Although the shock of collapsing interest margins is over for mos banks, the stagnant low rates have left bank balance sheets awash in cash with many unhappy savers who are not being paid for their funds.

Reduced income

A combination of stifling oversight and lower loan demand has slashed banks’ income. Regulators have pressured community banks, questioning loans and giving close scrutiny to financing secured by commercial real estate. In turn, banks have become more cautious — if not afraid — to lend. Until recently, lenders have been slow to recover from the bubble that burst nearly five years ago. 


Even the few fortunate banks that were not over-leveraged before 2008 and historically infused their deals with cash have to deal with the current borrower’s market. Today, high-qualified investors who seek low leverage on good collateral can name their price — and then get an even better deal as income-starved banks are cannibalizing each other in search for bankable assets.


It has become clear that measuring value as per “mark-to-market” exists nowhere more sensitive than the equities market. When a bank isn’t earning money — despite not losing money — the value of its equity suffers immediately. Raising new capital is challenging for banks, even though some of them have had no issues to overcome after the 2008 fallout.

Throughout the past 30 years, profitable community banks enjoyed high-value premiums as the nation’s bank-branch and cross-state ownership rules were relaxed. The megabanks today have increased their book value dramatically as a result of the aggregation of thousands of local banks. Attracting new capital that is willing to recognize a bank’s book value is a challenge, however.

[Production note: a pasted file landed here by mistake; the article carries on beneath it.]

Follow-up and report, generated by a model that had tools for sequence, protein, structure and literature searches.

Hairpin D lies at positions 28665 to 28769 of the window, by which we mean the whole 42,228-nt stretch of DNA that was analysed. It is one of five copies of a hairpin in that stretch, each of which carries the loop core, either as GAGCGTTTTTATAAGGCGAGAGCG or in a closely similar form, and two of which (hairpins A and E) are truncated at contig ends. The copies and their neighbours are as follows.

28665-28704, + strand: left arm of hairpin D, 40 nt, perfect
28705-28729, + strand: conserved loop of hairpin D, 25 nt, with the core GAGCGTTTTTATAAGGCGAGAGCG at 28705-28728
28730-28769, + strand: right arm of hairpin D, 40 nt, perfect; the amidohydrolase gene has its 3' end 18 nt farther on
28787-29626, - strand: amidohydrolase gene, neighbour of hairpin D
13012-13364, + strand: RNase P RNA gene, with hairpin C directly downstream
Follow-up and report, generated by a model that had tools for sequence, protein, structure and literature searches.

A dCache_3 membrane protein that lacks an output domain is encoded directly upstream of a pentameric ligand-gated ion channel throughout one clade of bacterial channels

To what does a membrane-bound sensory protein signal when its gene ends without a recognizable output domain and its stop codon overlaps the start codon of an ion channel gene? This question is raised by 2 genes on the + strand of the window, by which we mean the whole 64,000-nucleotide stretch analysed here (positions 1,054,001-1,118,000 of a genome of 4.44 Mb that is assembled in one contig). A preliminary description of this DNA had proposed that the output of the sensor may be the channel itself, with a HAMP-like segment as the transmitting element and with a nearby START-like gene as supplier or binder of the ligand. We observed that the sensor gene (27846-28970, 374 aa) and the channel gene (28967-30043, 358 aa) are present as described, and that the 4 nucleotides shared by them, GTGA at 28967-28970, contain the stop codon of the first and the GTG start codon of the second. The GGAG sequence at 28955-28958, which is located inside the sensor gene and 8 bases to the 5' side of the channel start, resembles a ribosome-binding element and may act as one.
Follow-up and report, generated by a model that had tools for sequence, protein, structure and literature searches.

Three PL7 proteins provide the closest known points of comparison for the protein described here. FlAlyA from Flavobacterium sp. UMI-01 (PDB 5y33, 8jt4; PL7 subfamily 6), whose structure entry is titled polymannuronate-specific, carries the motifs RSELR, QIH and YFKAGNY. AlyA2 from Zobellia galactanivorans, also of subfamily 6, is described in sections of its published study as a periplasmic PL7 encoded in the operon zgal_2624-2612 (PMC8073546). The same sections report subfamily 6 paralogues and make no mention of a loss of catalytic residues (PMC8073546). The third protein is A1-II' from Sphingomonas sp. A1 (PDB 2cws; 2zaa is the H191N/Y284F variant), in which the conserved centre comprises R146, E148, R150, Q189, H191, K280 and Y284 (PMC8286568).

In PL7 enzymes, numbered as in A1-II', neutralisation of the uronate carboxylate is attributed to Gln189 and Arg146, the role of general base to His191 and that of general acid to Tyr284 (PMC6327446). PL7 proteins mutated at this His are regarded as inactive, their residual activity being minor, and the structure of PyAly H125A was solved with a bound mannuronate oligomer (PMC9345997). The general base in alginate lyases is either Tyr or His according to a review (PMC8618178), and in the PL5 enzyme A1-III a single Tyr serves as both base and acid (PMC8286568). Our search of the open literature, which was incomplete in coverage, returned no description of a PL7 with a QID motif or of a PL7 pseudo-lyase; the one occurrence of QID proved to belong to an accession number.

Small-business confidence

Main Street banks also have been hurt by gun-shy Main Street businesses that have been too worried about being burned twice. After suffering more than most, community banks and many other investment bankers have postponed growth until demand warrants it. This lethargic attitude about the future has deprived Main Street banks of their most competitive lending target and important earning asset: small-business loans.

• • •

Looking ahead, commercial mortgage brokers should expect the trends of smaller banks being acquired or merged into bigger ones to continue. These small banks — many closely held by families — likely will begin to cash out to simply get what they can and avoid the prospect of losing money to comply with new banking regulations. As the institution size rises, the multiples get better: Very small banks that have less than $100 million in assets will sell to small banks with $100 million to $300 million in assets. In turn, these small banks will merge or sell to medium-sized banks with $300 million to $700 million in assets

As the landscape continues to shorten, expect even the medium-sized banks to roll up to become large banks. Only by getting into the range of $2 billion and higher will these banks begin to develop the ability to raise affordable capital to finance real growth created by means other than consolidation

The bottom line is that commercial mortgage brokers no longer may work with the same bank or the same connections, but they are likely to find a more vibrant banking market with real competition for risk. Commercial real estate development is expected to return as fewer, but better, projects financed by banks make a comeback. Commercial real estate financing also will get better as slower inventory growth — slowed as much by lack of demand as financing choices — means valuations inspire more confidence to lend.